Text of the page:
# Fixing first paragraph indentation in custom class

I've downloaded a LaTeX dissertation template from my university that comes with its own custom .cls file. One of the first things I noticed is the paragraph indentation. Every single paragraph is indented, even those at the beginning of a section. I'm no typographer, but my understanding is that it's conventional to not indent the first paragraph after a centered heading, but to indent the first paragraph after a left-aligned heading and any subsequent paragraph.

I've gone through the custom .cls file and tried modifying the `@afterindenttrue` and `@afterindentfalse` declarations, but I was unable to get things to work consistently. In some cases, first paragraphs following centered section headings were still indented, and some paragraphs following left-aligned subsection headings were not indented.

How do I need to modify the .cls file to get consistent indentation? The thesis template is available from this stable link, and the .cls file is `Assets/isuthesis.cls`.

• There is no one convention. It depends where you are. In the US, the convention is as you describe. In the UK, the convention is to indent all paragraphs, even the first paragraph in a document and the first following a centred heading. Of course, plenty of people use a different convention, but insofar as there is a standard, that's how it is. If your university provides this template, they may require the formatting it implements. So before trying to change its behaviour, make sure that you are permitted to customise things as you wish. – cfr Feb 27 '15 at 15:07
• Hence, we have indentfirst which implements the non-default convention for standard LaTeX classes. – cfr Feb 27 '15 at 15:08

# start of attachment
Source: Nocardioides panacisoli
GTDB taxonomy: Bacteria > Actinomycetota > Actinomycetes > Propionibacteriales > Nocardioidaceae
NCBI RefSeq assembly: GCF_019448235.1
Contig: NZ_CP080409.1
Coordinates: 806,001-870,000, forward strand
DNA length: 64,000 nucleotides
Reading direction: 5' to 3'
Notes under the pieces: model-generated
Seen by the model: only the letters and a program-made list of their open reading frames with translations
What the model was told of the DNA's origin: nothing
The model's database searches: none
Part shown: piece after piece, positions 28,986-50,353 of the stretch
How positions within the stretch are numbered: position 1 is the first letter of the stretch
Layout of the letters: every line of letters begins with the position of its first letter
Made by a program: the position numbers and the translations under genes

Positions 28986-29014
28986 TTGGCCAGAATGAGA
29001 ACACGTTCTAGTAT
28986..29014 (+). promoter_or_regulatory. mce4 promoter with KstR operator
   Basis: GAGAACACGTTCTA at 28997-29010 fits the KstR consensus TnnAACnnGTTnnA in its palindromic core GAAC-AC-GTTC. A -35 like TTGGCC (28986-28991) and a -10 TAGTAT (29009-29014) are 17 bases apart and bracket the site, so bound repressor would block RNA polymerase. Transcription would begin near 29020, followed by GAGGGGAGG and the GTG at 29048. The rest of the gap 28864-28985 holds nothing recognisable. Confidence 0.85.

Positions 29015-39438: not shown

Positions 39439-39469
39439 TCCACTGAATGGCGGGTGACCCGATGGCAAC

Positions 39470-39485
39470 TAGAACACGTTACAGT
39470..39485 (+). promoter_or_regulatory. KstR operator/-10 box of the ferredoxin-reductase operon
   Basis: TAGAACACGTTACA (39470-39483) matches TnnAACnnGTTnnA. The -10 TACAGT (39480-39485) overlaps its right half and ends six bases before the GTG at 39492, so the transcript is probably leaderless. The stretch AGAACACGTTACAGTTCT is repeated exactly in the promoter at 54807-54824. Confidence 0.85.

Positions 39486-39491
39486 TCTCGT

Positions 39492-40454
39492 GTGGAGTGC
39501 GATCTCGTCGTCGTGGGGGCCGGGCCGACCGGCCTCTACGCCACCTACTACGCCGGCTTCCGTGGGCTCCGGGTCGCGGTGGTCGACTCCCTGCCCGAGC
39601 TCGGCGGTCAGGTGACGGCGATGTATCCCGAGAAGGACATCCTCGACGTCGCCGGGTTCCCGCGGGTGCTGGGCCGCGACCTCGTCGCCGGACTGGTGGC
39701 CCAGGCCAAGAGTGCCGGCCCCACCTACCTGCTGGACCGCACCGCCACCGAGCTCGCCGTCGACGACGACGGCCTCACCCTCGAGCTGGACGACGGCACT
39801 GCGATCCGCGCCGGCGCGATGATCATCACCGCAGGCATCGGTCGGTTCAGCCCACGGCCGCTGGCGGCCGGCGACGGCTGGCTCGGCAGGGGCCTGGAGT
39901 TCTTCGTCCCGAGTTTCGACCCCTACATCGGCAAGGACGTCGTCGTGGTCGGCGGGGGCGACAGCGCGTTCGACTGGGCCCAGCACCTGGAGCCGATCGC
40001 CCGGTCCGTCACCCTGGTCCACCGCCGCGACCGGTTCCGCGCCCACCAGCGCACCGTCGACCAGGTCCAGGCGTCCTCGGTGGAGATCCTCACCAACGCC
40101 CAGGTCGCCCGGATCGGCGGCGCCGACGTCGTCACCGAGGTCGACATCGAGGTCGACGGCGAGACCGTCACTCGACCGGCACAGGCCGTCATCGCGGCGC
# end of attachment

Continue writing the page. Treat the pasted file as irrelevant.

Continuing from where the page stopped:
The class copies in full the content of the `indentfirst` package

``````\makeatletter
\let\@afterindentfalse\@afterindenttrue
\@afterindenttrue
``````

why on earth it has `\makeatletter` in a class file I don't know.

But that means that changing `\@afterindenttrue` to `\@afterindentfalse` will have no effect as they have the same meaning. You want to just remove the quoted lines.

Unrelated but

``````\renewcommand{\contentsname}
Is so wrong, the whole point of the `\...name` convention is that those commands just have text without formatting, to allow for easy natural language translation.
• @DanielStandage why do you want `\subsection` to indent? `\specialchapt` doesn't use any of the latex heading machinery it just does `{\centering\large\bfseries #2\par}` so it has no control over the indentation nor prevents page breaks after the heading nor anything else a heading normally does. (It gets away with no page break control after the heading as it always starts a new page, but still...) – David Carlisle Feb 27 '15 at 16:50
• The `\subsection` headings are left-aligned, so the paragraph following should be indented. The `\specialchapt` headings are centered, so the first paragraph should not be indented. – Daniel Standage Feb 27 '15 at 19:55